AFL chief executive Gillon McLachlan remains adamant he did not lie to Essendon at the height of the supplements crisis.
Audio of an Essendon meeting on August 8, 2013 lays bare the fury, confusion and sense of betrayal that underscored their negotiations with the AFL.
The recording, released by News Corp Australia, purportedly involves club chairman Paul Little, coach James Hird, assistant coach Mark Thompson and football boss Danny Corcoran - none of whom are now at the Bombers.
SICK IN THE GUTS: Thompson lashes out over Hird saga
Later that month, the AFL hit Essendon with a raft of charges over the club's disastrous 2012 supplements regime.
The recording was made public on Thursday, the night of Essendon's 2017 season launch, with the club welcoming back 10 players who have served doping bans that stemmed from the supplements debacle.
Before the season starts, the AFL also plans to make public a review of how it handled the supplements controversy.
In the recording, Little accuses McLachlan, then deputy chief, of betraying his word over the affected players.
"Every single issue that I agreed on with Gil McLachlan, and I met with him the other night, has pretty much been reversed," Little said.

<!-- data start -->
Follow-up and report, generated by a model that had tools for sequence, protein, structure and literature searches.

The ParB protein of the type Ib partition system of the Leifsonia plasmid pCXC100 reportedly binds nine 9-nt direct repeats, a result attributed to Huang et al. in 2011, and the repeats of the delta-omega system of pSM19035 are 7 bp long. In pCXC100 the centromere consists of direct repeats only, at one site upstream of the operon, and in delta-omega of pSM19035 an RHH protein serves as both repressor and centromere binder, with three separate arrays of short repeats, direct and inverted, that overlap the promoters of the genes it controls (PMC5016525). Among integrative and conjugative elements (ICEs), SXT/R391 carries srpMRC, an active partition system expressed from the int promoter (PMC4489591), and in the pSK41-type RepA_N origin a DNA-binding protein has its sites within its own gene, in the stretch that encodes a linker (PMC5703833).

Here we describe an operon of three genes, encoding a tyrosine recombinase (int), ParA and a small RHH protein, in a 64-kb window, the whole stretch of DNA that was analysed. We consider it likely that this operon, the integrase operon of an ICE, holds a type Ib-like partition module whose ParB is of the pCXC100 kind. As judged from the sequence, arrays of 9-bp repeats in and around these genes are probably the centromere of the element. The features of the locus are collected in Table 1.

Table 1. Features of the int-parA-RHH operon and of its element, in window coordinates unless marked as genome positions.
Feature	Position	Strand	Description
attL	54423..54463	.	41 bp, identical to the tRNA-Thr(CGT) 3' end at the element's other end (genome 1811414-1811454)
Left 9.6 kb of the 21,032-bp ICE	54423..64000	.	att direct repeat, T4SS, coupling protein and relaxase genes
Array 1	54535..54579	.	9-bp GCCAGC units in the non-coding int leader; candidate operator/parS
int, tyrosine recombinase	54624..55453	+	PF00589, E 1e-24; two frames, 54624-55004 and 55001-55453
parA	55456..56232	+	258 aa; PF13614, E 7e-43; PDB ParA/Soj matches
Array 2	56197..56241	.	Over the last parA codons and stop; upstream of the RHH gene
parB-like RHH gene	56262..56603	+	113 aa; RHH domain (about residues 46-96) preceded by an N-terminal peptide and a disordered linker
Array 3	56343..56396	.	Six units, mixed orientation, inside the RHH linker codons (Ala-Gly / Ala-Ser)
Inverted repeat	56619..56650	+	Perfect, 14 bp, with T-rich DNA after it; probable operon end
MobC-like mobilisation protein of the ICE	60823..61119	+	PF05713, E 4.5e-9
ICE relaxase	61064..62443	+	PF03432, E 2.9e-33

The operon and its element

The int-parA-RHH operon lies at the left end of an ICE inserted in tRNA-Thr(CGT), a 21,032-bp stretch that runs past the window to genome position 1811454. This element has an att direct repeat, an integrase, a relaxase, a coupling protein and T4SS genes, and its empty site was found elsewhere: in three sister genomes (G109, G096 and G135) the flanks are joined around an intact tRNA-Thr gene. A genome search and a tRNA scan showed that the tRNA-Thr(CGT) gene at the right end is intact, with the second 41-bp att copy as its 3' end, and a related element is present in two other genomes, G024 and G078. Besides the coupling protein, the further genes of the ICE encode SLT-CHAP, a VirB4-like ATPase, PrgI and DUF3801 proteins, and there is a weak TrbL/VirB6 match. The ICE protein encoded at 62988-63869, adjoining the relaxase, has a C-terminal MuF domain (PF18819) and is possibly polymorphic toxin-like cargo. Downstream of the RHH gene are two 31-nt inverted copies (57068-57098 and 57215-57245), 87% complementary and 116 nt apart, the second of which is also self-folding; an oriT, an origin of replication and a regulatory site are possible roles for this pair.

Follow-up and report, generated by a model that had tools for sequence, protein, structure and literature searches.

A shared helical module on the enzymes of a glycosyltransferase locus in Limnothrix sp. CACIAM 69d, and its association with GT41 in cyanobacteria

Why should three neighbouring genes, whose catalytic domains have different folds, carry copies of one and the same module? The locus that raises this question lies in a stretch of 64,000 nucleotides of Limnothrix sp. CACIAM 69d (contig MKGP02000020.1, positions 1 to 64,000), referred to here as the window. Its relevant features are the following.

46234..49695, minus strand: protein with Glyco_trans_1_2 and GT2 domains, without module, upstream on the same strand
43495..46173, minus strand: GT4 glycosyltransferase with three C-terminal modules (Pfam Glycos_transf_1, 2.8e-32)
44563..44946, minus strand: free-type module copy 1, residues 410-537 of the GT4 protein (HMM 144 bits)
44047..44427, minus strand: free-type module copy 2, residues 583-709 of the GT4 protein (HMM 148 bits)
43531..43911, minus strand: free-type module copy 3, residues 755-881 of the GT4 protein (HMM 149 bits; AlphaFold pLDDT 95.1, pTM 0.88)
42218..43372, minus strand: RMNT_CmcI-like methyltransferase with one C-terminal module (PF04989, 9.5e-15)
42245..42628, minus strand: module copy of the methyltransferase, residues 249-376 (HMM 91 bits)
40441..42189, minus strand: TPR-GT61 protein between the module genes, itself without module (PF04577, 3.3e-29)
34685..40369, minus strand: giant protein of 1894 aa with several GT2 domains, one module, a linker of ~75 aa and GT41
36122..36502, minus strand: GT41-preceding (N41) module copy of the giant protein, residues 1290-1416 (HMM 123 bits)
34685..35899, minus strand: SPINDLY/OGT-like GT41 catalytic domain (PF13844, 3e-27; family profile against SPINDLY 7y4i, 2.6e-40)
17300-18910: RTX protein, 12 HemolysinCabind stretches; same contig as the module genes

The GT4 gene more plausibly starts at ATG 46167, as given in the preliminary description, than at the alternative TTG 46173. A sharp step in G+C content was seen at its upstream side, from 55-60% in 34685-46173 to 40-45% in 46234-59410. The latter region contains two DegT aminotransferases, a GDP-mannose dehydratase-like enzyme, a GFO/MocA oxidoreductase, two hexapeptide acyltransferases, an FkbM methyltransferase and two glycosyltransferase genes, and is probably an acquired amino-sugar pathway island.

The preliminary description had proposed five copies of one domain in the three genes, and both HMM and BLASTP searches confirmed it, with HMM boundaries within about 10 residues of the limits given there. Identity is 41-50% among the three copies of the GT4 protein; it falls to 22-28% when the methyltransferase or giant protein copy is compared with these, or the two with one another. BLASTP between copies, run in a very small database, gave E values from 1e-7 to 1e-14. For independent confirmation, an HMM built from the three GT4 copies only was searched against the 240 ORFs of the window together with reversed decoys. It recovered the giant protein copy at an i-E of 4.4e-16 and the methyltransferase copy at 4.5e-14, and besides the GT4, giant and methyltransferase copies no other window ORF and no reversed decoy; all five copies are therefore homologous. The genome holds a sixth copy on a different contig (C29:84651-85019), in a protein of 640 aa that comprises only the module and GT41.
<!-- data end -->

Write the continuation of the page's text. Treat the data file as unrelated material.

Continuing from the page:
"We spoke about getting the players cleared 'unconditionally' - was the word I used. I rang him last night and I said, 'you know, you've really upset me here because you've gone back on your word, Gil'.
"He then said to me, 'there is a 99 per cent chance that the players won't be charged.' And I said, 'well, I'd like to believe you but are you happy for me to use that language in front of the players?' And he said, 'oh no, you can't do that'.
"And I said, 'well f**k, you're telling me one thing and over here I can't tell anything to the players'."
Days later, following the release of an interim ASADA report, the AFL charged Hird, Thompson, club doctor Bruce Reid, Corcoran and the club itself with bringing the game into disrepute.
The AFL kicked Essendon out of the 2013 finals, fined them $2 million and stripped them of draft picks.
Hird was suspended for 12 months, while Corcoran and Thompson were also punished.
The AFL's penalties were separate to the lengthy anti-doping process.
"The day I lie to someone is the day I can't do my job," McLachlan told SEN on Friday morning.
"I can tell the offer with Paul to start with is basically, exactly the same with where we ended up."
McLachlan added the AFL's view at the time of the Essendon meeting was that the players would not be charged.
Instead, after a drawn-out process, 34 current and past players were banned in January last year for doping offences.
McLachlan dismissed the release of the recording, which has prompted renewed calls for a government inquiry into the saga.
He said a recording of then-AFL chief executive Andrew Demetriou would have sounded much the same - only with more swearing.
"Today (is) reflective of all the angst - it was an incredibly tumultuous period," McLachlan said.
"It's just bizarre that someone would record their chairman privately.
"Have you heard Andrew's tapes? ... oh, my God.
"The trouble is, there's actually no words that aren't swear words."